It is important to understand that if you are transferring all of your RRIF account assets, the transferring financial institution is required by the CRA to withdraw and pay you your Annual Minimum Payment before transferring your RRIF account. For example, if your Annual Minimum Payment is $10,000.00 and you have only withdrawn $1,000.00 before your financial institution transfers your RRIF account, they will withdraw and pay you the remaining $9,000.00 before the transfer can begin.
Under special circumstances such as relationship breakdown (e.g. separation or divorce, and the death of the plan’s annuitant), the CRA does permit otherwise restricted transfers to be completed. (For additional details on these special circumstances, see our section Death, Divorce, and Bankruptcy.)
Transfer of assets from an RRIF into a non-RRIF account type
Transferring RRIF assets into a Registered Retirement Savings Plan (RRSP) is the most common of these types of transfers. If you are 71 years of age or younger you can transfer a portion or all of your RRIF assets into an RRSP. The RRSP and RRIF must be the same type. So, for example, if your RRIF originated from a Spousal RRSP, then your RRIF can be transferred back into a Spousal RRSP, but it cannot be transferred into an Individual RRSP.
The ability to transfer RRIF assets back into an RRSP account is the main reason that your RRIF retains its Spousal designation, if it originates from a Spousal RRSP.
Example: You might have transferred a portion of your RRSP into an RRIF account in order to receive RRIF payments that would qualify for the $2,000.00 Pension Income Tax Credit for the period prior to receiving your company pension. Now that you are receiving the company pension, you no longer need to withdraw monies from your registered savings and, therefore, you decide to transfer your RRIF back into an RRSP.
Or maybe, when you retired you needed to use your registered savings to support your retirement, but you have just received an inheritance and no longer need to withdraw monies from your registered savings. Therefore, you decide to transfer your RRIF back into an RRSP.
Note: Typically, when transferring RRSP assets you will incur transfer fees and possibly investment sales or redemption fees, so you should ask about these before you complete the transfer form.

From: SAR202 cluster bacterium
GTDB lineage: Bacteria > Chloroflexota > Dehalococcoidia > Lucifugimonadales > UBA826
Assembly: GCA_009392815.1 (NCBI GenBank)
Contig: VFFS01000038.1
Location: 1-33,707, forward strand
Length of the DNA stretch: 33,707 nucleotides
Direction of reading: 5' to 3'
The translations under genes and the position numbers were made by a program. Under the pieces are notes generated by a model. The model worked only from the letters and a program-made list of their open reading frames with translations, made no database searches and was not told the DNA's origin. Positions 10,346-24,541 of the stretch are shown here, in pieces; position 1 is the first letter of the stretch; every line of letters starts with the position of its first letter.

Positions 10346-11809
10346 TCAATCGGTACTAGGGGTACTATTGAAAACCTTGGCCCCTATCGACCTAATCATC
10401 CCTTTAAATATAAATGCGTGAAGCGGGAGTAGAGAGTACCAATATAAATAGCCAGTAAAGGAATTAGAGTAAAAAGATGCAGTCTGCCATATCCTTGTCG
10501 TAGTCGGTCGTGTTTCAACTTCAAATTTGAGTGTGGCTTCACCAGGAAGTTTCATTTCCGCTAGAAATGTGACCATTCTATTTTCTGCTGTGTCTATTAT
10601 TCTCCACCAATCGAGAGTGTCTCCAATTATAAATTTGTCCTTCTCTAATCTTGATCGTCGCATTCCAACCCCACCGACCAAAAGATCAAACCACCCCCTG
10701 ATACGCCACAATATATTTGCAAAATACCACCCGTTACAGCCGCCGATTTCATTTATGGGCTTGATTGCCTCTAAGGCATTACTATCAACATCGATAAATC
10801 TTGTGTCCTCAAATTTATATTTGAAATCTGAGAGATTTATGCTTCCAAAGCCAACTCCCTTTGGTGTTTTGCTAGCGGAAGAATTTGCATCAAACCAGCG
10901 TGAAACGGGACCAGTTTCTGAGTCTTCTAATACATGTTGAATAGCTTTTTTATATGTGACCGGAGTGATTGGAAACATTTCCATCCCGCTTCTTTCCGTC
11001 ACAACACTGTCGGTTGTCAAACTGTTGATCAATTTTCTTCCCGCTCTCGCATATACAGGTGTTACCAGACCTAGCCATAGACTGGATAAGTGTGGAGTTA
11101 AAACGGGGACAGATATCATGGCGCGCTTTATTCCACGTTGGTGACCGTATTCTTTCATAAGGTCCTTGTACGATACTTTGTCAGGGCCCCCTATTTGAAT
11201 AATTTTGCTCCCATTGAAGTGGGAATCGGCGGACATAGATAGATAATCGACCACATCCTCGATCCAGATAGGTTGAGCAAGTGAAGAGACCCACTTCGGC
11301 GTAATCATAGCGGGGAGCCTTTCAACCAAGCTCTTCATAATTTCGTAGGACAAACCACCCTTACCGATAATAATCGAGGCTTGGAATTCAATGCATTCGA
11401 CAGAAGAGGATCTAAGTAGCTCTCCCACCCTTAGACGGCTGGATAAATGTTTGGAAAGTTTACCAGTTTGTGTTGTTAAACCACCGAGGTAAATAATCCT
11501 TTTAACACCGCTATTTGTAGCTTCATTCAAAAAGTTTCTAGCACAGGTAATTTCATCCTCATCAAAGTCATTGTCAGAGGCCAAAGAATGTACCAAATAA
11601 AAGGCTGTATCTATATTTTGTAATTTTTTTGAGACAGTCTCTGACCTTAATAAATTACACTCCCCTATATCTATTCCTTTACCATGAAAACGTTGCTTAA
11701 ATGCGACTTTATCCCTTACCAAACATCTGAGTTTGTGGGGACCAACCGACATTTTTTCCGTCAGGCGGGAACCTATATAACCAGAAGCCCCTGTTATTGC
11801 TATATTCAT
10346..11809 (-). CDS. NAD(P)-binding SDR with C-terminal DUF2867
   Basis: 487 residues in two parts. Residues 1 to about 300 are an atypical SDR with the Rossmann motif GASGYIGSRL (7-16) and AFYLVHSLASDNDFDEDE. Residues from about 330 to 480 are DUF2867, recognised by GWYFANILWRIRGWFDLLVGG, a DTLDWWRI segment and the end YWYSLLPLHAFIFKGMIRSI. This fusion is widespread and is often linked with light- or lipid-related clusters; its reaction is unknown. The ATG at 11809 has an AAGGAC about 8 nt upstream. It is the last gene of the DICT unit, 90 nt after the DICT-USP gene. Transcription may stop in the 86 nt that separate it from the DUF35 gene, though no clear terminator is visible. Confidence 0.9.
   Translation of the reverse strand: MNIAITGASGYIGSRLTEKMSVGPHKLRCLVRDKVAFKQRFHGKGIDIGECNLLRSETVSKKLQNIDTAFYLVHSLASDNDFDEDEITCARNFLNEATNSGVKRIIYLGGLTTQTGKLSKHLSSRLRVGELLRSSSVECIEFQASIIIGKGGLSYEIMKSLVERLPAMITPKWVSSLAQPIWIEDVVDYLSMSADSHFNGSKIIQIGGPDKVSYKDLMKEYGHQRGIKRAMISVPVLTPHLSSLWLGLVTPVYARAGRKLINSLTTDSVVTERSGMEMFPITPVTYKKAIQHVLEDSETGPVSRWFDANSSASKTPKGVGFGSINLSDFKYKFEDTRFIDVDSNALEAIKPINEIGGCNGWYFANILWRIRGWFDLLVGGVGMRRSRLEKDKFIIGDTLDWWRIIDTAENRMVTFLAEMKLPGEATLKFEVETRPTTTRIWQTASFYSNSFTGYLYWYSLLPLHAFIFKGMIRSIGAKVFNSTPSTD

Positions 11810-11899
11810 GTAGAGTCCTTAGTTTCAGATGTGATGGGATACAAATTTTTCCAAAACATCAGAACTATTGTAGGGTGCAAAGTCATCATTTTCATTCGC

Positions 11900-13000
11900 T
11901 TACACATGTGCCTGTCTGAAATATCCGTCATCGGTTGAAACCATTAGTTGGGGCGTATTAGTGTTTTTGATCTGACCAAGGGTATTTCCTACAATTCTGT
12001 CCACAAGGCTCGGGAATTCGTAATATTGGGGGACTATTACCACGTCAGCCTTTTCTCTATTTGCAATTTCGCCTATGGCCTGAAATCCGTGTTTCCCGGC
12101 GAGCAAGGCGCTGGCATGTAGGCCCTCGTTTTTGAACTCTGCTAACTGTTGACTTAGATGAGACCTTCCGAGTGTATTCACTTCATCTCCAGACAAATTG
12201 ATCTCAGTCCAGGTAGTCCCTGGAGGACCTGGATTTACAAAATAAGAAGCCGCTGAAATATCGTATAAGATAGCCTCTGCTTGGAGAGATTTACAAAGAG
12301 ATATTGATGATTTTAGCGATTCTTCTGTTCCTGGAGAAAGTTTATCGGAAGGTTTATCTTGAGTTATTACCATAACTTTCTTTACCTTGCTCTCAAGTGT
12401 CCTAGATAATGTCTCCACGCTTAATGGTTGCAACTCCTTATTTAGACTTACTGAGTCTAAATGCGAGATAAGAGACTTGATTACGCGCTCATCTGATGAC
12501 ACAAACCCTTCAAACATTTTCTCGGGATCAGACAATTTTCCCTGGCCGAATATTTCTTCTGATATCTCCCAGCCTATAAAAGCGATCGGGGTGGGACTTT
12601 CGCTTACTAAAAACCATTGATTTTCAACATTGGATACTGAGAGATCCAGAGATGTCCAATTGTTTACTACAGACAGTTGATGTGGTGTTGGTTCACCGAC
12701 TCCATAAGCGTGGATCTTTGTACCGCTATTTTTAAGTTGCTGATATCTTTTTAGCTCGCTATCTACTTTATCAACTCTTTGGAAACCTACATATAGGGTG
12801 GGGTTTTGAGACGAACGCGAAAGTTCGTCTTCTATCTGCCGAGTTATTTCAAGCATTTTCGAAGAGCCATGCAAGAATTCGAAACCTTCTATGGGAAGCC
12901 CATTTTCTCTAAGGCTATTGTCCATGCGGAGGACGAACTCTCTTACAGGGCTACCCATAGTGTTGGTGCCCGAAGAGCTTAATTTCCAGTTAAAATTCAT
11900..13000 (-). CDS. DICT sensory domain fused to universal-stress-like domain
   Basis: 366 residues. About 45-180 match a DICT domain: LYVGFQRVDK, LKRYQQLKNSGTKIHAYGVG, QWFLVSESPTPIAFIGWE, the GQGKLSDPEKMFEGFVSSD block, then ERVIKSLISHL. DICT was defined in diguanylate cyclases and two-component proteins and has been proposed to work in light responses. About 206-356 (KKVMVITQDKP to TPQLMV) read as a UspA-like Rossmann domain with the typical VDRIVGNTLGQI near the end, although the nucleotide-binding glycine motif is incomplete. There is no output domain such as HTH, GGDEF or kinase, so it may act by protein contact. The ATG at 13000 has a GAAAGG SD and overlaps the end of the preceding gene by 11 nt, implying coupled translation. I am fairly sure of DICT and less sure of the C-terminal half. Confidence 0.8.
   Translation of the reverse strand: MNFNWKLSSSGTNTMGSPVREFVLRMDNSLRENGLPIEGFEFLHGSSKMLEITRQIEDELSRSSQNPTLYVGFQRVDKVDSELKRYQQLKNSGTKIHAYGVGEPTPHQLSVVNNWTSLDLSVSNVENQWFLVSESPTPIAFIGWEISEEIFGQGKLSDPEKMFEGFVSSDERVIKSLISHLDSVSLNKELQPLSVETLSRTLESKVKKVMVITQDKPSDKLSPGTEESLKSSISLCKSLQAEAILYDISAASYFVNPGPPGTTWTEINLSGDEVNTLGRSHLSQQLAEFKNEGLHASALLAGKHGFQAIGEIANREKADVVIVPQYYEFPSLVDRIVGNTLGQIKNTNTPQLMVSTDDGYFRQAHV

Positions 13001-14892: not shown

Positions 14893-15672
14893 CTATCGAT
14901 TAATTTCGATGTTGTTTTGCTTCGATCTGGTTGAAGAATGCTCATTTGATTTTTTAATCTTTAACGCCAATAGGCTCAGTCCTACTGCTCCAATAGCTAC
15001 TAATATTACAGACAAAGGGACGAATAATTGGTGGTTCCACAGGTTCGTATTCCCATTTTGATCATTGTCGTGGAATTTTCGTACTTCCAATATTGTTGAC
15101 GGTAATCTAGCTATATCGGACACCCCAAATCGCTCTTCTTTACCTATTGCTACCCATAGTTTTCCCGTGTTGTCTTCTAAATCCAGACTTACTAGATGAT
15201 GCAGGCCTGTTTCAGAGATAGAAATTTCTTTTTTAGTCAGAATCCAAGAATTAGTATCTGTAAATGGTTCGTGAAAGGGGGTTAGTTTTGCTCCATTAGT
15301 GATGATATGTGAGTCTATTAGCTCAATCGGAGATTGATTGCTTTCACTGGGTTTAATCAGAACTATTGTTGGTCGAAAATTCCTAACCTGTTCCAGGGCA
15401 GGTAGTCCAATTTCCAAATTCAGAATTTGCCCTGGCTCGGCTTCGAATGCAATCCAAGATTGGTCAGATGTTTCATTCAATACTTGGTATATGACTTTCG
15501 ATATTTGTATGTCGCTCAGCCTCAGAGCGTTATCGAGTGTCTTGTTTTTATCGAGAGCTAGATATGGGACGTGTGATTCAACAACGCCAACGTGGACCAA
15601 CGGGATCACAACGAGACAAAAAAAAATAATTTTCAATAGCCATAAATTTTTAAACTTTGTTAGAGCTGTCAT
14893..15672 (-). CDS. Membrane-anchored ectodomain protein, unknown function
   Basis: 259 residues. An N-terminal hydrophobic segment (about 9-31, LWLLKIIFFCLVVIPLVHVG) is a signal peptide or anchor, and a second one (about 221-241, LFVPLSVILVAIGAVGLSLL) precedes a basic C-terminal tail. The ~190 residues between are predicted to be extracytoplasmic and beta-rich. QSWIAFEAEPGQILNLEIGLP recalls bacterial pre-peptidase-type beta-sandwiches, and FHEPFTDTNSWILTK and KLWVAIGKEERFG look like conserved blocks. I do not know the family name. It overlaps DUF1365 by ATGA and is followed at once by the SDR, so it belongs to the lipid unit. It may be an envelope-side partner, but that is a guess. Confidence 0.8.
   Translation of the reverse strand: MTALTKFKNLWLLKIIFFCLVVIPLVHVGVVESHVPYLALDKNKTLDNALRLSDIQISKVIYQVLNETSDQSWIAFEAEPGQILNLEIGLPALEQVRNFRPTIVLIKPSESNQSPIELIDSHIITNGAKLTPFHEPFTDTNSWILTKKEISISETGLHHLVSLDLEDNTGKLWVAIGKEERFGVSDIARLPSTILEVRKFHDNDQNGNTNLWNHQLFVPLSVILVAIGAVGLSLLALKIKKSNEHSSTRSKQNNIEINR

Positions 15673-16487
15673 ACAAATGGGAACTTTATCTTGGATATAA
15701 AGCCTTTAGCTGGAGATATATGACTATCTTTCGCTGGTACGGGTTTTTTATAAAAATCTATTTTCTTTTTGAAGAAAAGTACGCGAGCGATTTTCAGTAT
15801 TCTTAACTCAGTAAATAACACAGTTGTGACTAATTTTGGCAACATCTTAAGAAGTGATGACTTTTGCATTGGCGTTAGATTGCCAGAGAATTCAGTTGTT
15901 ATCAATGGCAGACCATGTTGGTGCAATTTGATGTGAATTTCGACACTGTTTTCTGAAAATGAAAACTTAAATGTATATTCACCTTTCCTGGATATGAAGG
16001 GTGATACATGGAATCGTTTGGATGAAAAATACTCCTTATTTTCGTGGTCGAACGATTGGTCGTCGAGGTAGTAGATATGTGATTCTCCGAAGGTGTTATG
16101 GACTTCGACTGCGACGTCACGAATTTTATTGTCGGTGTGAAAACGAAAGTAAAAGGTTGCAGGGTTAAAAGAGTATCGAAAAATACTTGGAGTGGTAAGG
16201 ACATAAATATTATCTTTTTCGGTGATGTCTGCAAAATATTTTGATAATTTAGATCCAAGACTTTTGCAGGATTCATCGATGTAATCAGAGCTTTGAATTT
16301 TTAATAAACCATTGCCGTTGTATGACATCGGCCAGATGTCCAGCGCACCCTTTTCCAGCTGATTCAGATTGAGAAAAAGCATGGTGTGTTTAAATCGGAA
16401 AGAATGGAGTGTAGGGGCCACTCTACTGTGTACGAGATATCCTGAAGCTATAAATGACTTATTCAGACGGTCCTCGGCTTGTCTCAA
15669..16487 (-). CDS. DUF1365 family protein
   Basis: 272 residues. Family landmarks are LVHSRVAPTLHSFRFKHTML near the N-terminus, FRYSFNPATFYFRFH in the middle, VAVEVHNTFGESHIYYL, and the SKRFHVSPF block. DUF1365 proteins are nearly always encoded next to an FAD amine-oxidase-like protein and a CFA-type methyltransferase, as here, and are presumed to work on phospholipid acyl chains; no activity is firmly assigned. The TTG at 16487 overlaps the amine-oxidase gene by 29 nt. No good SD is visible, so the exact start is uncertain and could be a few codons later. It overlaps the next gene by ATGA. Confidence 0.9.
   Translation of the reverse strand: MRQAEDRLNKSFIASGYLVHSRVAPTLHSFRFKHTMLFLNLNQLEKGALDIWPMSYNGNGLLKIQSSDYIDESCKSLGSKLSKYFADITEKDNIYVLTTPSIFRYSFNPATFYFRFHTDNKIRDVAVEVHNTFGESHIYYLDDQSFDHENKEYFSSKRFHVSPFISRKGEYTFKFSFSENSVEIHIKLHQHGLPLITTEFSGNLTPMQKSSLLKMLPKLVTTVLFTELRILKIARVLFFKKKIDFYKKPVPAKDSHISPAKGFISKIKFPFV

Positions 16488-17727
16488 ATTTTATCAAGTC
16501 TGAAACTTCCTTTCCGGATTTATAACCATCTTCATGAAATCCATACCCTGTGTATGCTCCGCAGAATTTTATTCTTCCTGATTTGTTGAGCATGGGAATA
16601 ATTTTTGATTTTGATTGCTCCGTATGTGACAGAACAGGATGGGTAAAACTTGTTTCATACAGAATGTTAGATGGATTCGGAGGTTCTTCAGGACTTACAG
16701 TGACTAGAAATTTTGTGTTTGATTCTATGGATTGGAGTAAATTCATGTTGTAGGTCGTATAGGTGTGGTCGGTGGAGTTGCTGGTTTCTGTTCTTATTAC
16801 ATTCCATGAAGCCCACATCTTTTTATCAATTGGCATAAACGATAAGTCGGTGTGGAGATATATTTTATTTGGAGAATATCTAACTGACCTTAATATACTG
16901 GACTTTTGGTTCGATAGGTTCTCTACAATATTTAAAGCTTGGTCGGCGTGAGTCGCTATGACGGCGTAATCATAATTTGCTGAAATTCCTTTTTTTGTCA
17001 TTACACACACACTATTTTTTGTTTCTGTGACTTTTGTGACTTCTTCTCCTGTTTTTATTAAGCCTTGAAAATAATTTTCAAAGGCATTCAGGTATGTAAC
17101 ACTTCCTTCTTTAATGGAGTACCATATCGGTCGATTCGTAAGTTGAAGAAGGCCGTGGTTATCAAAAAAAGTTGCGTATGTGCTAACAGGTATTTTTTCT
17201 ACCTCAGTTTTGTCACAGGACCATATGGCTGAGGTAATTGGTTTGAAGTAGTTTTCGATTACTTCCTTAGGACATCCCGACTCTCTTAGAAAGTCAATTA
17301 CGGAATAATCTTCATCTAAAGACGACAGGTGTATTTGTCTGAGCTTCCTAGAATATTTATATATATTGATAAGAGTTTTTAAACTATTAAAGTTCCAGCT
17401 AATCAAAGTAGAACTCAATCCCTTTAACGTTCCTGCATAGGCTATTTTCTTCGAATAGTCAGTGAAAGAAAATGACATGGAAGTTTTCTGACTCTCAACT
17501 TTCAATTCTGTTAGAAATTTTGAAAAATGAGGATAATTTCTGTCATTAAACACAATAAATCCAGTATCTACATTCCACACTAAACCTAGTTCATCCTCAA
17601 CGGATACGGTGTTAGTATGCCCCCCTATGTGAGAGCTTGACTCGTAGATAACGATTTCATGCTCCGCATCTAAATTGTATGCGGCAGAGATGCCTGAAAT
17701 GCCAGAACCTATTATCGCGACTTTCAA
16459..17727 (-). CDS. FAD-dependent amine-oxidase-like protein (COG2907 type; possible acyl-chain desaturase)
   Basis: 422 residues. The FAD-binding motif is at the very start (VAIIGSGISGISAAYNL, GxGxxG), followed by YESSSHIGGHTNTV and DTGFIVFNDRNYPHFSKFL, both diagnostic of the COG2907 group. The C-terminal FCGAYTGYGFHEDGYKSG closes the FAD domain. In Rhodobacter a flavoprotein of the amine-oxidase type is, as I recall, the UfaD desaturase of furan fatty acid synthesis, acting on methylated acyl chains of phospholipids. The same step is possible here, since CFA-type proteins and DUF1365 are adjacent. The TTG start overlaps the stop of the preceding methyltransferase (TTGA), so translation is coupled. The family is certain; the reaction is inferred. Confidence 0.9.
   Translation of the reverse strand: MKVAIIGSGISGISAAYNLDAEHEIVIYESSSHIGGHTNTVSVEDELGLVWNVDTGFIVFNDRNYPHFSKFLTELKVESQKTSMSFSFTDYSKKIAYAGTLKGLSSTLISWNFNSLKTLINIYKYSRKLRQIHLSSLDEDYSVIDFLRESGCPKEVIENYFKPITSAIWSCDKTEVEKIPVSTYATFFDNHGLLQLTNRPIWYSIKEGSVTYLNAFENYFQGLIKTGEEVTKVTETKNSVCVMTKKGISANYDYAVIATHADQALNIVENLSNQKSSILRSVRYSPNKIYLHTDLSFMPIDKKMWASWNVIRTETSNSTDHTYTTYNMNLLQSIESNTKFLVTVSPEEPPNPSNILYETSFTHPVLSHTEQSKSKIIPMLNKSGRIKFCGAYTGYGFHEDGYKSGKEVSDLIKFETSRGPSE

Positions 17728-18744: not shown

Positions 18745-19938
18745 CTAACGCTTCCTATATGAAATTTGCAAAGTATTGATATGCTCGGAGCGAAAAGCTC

Transfer of assets from non-RRIF account types into an RRIF
There are a number of possible direct transfers from non-RRIF account types into an RRIF plan. For example, some direct transfers include the following:
- Transfers from a Registered Retirement Savings Plan (RRSP): Transfers of assets from an RRIF into an RRSP are possible provided you are 71 years of age or younger. To transfer your RRIF back into an RRSP you would obtain and complete a T2030 Direct Transfer form from the receiving financial institution.
- Transfers from a deceased annuitant’s RRSP: Transfers from a deceased annuitant’s RRSP directly to a surviving spouse’s RRIF can be facilitated completing a beneficiary designation in the account’s documentation. By completing the beneficiary designation you can direct that a portion or all of the RRIF assets be transferred directly into the surviving spouse’s RRSP or RRIF account. Upon the death of an annuitant, the normal restrictions on transferring Spousal RRIF’s into an Individual RRIF are relaxed.
- Transfers from a Registered Pension Plan (RPP): Transfers from a RPP into an RRIF are possible upon marriage or common-law relationship breakdown, death or termination of employment. Your employer’s human resources or payroll department will provide you with the plan’s information and the necessary documents to initiate the transfer.
Transfers from a Registered Pension Plan to a RRIF may be possible for both defined benefit plans and money purchase plans. Where an employee terminates their employment, it may be possible to transfer the payment of lump sums, in full or partial satisfaction of the employee’s rights under the pension plan.